But remember, the second key feature of modern day ransomware is that these gangs are carrying out multiple attacks each day. Setting up fake accounts at various foreign banks in order to receive wire transfers requires a lot of effort. Once one account has been used, it is compromised forever. By contrast, using the Bitcoin network over and over is a cinch. 

In short, wire transfers don't scale. Only Bitcoin allows for the mass production of ransom payments.

So now we know why ransomware gangs like to use Bitcoin. It's not the anonymity. Rather, Bitcoin opens up the field to big-ticket repeatable censorship-resistant payments. 

The next question we may want to ask ourselves is this: should we try and modify the Bitcoin payment network to stop these attacks?

We have a long history of making changes to payments systems that have become popular with criminals. When electronic gold issuer E-Gold became a tool for carders, it had to introduce a customer identification program. Western Union became a haven for “wire money to get me out of jail!” scams. It was fined and introduced much stricter know-your-customer rules. In the early 2010s Green Dot's MoneyPak became a popular network for FBI scams. Green Dot shut MoneyPak down for a year and rebuilt it from scratch to make it much harder for scammers to penetrate.

Bitcoin can't be modified, though. It is censorship-resistant. Which means we need other responses.

One possibility is to ban cryptocurrency. But as I wrote in a recent article for the Sound Money Project, I'm not a big fan of that solution. It seems like overkill. Rather, I suggested putting an embargo on the ransom payments themselves in order to cut off ransomware gangs' revenue. (I also fleshed this idea in an article for Coindesk in 2020.)

Here's another option. The U.S. government could make it difficult for ransomware operators by dusting off Section 311 of the USA Patriot Act. Let me explain how this would work.

A big chunk of the ransom payments that gangs like REvil collect are routed to cryptocurrency exchanges in jurisdictions with minimal anti-money laundering controls. The bitcoins then get converted into cash. Without these liquid offshore exchanges, it would be difficult for ransomware operators to launder their funds into spendable cash.

According to cryptocurrency analysis firm Chainalysis, one large Russian cryptocurrency took in nearly 44% of all ransomware funds sent to exchanges in 2019. (Chainalysis refused to name names). More recently, I stumbled on the following anecdote. It shows how a certain Russian exchange (perhaps the same one that Chainalysis mentions?) converts incoming bitcoin ransomware directly to U.S. dollar banknotes.

Now, without rogue exchanges such as the one above it would be difficult for ransomware operators to engage in business. But these exchanges are usually located outside of U.S. jurisdiction, so there seems to be little that the U.S. can be done about it.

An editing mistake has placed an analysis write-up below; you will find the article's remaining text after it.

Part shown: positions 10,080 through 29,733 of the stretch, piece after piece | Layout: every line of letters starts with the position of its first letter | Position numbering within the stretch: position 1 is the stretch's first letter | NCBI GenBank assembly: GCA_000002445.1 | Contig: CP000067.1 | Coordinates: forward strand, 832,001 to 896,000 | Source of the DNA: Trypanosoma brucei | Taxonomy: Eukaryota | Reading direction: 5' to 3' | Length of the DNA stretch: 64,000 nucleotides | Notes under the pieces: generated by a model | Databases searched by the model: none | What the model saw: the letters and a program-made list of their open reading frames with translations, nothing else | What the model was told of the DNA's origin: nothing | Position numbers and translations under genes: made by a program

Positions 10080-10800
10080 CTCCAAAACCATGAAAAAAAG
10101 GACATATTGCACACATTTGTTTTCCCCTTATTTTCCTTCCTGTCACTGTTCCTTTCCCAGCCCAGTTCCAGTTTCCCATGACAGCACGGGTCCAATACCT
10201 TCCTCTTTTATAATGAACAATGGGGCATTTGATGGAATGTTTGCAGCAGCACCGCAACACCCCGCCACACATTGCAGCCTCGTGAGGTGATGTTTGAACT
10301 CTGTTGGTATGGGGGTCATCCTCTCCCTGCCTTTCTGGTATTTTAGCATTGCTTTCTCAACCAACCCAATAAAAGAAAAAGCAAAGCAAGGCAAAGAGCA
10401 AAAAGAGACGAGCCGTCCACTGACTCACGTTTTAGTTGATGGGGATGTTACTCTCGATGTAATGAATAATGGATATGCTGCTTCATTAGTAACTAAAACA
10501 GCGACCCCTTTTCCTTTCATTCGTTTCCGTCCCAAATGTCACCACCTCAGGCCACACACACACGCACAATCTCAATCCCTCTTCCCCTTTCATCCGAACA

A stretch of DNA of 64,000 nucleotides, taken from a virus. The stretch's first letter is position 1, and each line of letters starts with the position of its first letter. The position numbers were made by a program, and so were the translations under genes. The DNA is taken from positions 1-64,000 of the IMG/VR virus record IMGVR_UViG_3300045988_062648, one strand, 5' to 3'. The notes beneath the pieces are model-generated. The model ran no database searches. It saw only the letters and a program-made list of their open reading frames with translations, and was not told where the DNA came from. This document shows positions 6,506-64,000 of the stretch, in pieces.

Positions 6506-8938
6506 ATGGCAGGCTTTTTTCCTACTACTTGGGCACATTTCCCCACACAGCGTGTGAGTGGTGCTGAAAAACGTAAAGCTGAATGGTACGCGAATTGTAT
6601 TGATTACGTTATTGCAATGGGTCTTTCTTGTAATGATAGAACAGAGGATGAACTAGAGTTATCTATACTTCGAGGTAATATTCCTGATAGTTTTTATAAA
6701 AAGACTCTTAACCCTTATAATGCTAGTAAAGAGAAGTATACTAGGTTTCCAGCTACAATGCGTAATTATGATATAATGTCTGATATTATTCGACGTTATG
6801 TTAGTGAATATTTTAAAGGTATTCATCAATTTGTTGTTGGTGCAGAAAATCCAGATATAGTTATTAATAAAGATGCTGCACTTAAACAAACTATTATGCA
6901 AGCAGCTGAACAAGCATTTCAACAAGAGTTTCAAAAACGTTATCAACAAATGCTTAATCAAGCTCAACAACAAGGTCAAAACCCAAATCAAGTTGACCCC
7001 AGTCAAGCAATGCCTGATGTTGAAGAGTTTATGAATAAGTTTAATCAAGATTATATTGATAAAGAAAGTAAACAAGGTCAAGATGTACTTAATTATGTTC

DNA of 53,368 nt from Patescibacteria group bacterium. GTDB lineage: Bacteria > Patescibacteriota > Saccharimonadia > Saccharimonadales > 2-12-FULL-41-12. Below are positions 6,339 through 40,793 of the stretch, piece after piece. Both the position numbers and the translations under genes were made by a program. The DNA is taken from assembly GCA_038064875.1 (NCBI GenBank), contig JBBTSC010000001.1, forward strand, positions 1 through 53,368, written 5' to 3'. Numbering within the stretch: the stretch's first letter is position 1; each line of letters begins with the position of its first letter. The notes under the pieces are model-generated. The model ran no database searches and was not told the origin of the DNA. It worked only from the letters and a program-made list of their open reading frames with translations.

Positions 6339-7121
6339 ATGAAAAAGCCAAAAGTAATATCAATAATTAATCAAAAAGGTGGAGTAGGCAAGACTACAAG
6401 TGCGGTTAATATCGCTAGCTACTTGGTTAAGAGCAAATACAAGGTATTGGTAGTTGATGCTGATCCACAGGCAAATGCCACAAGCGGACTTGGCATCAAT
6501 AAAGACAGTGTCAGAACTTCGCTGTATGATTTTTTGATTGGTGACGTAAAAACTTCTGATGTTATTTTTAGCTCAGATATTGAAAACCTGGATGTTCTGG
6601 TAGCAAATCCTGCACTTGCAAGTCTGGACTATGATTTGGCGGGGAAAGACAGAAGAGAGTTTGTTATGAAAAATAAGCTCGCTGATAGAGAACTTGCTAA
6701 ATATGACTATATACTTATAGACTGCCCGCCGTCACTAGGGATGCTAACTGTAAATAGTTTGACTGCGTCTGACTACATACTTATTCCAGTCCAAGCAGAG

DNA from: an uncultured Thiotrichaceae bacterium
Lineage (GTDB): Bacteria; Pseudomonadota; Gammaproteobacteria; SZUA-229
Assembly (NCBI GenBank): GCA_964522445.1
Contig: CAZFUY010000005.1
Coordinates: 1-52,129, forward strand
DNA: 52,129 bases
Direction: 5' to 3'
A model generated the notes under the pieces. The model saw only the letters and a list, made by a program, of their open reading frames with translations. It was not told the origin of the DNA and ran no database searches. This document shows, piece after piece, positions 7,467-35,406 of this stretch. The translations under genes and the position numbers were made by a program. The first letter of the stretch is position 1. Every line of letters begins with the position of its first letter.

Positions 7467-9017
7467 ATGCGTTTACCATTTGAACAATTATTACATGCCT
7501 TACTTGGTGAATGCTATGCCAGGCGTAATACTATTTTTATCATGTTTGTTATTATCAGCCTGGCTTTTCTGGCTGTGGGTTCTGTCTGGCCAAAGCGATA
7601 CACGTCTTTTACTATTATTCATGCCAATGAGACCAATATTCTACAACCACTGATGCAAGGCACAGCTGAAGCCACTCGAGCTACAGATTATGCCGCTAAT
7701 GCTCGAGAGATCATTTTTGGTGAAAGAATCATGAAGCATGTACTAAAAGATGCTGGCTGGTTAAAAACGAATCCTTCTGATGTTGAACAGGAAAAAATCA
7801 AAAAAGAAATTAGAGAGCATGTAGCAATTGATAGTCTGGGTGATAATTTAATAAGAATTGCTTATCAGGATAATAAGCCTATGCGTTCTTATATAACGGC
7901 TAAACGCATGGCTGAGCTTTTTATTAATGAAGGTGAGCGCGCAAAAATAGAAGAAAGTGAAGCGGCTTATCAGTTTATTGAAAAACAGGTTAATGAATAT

This is where Section 311 comes in.

Section 311 allows the the Financial Crimes Enforcement Network (FinCEN), an arm of the U.S. Treasury, to designate any foreign based financial institution (like our Russian cryptocurrency exchange) as a primary money laundering concern. Once so designated, it becomes illegal for any U.S. financial institution to interact with the listed entity. 

For those readers with long memories, Section 311 was used to shut down Liberty Reserve, a Costa Rican-based electronic money issuer that became popular with criminals involved in identity fraud and credit card theft. Below is a list of entities that have been designated under Section 311.

Entities designated by FinCEN under Section 311 of the Patriot Act

What really provides Section 311 with the extra oomph for reaching rogue exchanges is that it allows FinCEN to require that U.S. financial institutions stop doing business with any other entity that provides banking services to the designated entity. Think of this strategy as the friend of my enemy is my enemy. Any Russian bank that offers an account to the offending Russian cryptocurrency exchange could be cut off from the U.S. banking system, too. Because the U.S. market is such an important market, most Russian banks will stop doing business with the exchange just to stay friendly with the US.

So Section 311 would cripple ransomware-friendly exchanges by severing them from the financial system. And without these rogue exchanges, it becomes much trickier to be a ransomware gang.

To sum up, Bitcoin is censorship-resistant. That's why ransomware gangs like it. This very same feature also prevents democratic societies from modifying the Bitcoin protocol to exclude ransomware gangs. Bitcoin may be censorship resistant, but the venues where it is traded are not. Section 311 and other tools that allow for leverage over these venues remain one of the best ways to attack bitcoin-based ransomware.

Tuesday, June 1, 2021

A bronze currency in ancient Europe?

Metal scraps from a soldier’s pouch found at the Late Bronze Age battlefield of Tollensee Valley (source)